The Root of all Squares
nytheatre.com review by Richard Hinojosa
March 12, 2007
At some point in human history, some jerk came up with the concept of value and money and credit, and that led to all this material crap that we are so immersed in these days. The Root of All Squares explores this evolution using a simple and completely unsubtle analogy.
The show is the perfect traveling fringe show—all it takes is two actors with Boy Scout uniforms, a roll of tape, two rocks, and a stick. One character, Stan, knows it all, and the other, Worker, needs to have everything explained to him (usually more than once). So you have your basic straight man/goofball set-up.
Stan begins by taping off a square on the floor and explaining that the square represents the body and the body must be protected. At first it seems like we are in for analogy about personal space and sexual harassment, but then the square changes its context and represents a whole city and the city becomes a country—but still the point remains that the square must be protected. And in order to protect it, one must have material value.
This leads into a clever and funny, if not transparent, scene where the Worker is trying to gain material value but is unable to get ahead due to the circular logic of credit and debt. By the end, playwrights Sterling Lynch and Sam Varteniuk prove, rather sardonically, that it's just too dangerous to go anywhere in this world without some material worth. I think the message here is that if we reflect on how the concept of value started we can clearly see that it's meaningless. So the question remains, why are we still so reliant on this meaningless system?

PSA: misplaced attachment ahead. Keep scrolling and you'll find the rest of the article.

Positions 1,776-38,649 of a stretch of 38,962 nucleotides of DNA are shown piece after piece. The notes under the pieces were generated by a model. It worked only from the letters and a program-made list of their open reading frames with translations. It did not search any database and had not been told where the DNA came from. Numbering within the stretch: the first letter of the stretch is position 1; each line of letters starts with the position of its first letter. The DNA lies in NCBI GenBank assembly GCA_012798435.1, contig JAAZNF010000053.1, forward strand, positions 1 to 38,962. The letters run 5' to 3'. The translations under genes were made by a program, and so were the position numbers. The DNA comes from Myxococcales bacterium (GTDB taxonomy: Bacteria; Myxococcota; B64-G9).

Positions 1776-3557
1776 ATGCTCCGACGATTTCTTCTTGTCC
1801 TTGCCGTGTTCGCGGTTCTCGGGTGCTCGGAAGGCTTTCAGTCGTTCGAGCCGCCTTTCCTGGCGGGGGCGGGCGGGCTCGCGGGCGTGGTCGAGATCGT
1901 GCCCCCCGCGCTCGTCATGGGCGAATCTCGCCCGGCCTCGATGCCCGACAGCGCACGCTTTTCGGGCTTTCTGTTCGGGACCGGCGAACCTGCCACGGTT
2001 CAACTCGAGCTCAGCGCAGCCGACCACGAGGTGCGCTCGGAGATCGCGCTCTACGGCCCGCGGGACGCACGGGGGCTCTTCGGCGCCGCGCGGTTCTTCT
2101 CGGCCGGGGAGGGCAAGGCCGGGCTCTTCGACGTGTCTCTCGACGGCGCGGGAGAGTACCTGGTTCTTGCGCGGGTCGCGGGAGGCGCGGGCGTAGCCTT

The Root of All Squares is certainly funny and smart, but I constantly felt like I was getting ahead of the script and I had to wait for it to catch up. The analogy the playwrights use is straightforward and I like that, but for the most part I found the whole concept too obvious. Perhaps it is their intention to make their musings as accessible as possible.
I enjoyed the fast-paced banter and director Dave Dawson does a good job keeping up the snappy pace. Dawson's staging grabbed my attention and really drew me in for the whole show. The actors, Anne Wyman (Stan) and Ray Besharah (Worker), are both good. Besharah, in particular, is hilarious. He has great timing and presence. My eye followed him most of the time.
The Root of All Squares is certainly worth a look. It has a great message and it leaves you with something to think about.